Devotees flock to Carcar for Msgr. Lolong’s remains
CEBU CITY—Ana (not her real name) was diagnosed with a neck ailment that disrupted blood flow in her body. She refused to undergo surgery that would cost between P600,000 and P1 million.
She instead entrusted her fate to God and sought the intercession of another Cebuano, who is a candidate for sainthood.
“If you have faith, you’ll get what you want,” she told the Inquirer.
The 64-year-old retired bank employee traveled from her hometown in Barili to Carcar City on Wednesday and joined hundreds of people who trooped to the Daughters of St. Teresa (DST) compound to get a glimpse of the remains of the late Archbishop Teofilo Camomot who was exhumed from his tomb.
“I believe that he is now a saint. I hope he will be officially declared by the Church so that more people will seek his intercession and he could help more people,” Ana said.
A wax statue containing the skull and bones of Camomot was displayed for public viewing after the remains underwent a nine-hour forensic examination by Metro Manila-based experts led by Dr. Erwin Erfe.
Fr. Samson Silloriquez, the Rome-based postulator of the cause of sainthood of Camomot, said the archbishop’s body was already “corrupted.”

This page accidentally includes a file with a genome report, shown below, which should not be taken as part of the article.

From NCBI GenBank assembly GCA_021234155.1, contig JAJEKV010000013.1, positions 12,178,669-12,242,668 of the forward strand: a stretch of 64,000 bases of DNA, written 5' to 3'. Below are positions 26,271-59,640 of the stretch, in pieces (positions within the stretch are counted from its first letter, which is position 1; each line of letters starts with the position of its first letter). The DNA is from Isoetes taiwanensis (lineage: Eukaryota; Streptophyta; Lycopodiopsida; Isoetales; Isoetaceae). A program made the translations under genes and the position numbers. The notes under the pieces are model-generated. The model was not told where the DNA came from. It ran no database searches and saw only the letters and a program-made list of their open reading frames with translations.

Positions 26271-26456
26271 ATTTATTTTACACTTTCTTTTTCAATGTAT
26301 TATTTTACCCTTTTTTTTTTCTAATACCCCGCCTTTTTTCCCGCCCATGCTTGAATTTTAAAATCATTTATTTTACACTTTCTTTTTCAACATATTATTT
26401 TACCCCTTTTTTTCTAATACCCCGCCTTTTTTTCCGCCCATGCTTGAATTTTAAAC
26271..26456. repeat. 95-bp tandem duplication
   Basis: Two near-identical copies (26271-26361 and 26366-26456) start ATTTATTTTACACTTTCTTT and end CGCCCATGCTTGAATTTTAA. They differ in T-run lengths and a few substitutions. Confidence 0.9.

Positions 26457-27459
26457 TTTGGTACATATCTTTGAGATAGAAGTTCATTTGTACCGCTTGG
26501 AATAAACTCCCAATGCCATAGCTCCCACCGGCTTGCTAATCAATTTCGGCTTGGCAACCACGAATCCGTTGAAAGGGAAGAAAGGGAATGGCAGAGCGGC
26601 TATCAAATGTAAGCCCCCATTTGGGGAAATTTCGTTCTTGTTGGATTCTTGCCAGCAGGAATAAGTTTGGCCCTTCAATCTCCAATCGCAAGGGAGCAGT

“But it doesn’t mean he is not a saint. Even if his body is corrupted, that is not a condition that he is not in heaven,” he said.
Silloriquez said Camomot’s bones were preserved by forensic experts. “We also got some parts of the bones to be used as relics. But these could not be used since he has not been declared a saint at this stage,” he added.
Camomot’s remains were placed on its new tomb after the 4 p.m. Mass presided by Cebu Archbishop Jose Palma on Thursday at Domus Teofilo (House of Teofilo), a museum that houses the personal belongings and writings of Camomot.
Camomot’s body was first exhumed from the Carcar public cemetery in 2009, and was transferred to the compound of the DST, a congregation that he founded.
His remains would be used as relics preserved for purposes of veneration as a tangible memorial in case he would be declared a saint in the long run, church officials said.
Only Palma, some priests, the DST sisters and relatives of Camomot were allowed to witness the examination of the remains. The public was allowed to view Camomot’s remains starting 7 p.m. Wednesday.
In November last year, the Vatican’s Congregation for the Causes of Saints approved the diocesan process for the cause of sainthood of Camomot, who was known for his extreme generosity and love for the poor.
Camomot, fondly called as Monsignor Lolong, died in a vehicular accident in San Fernando town on Sept. 27, 1988. He was 74.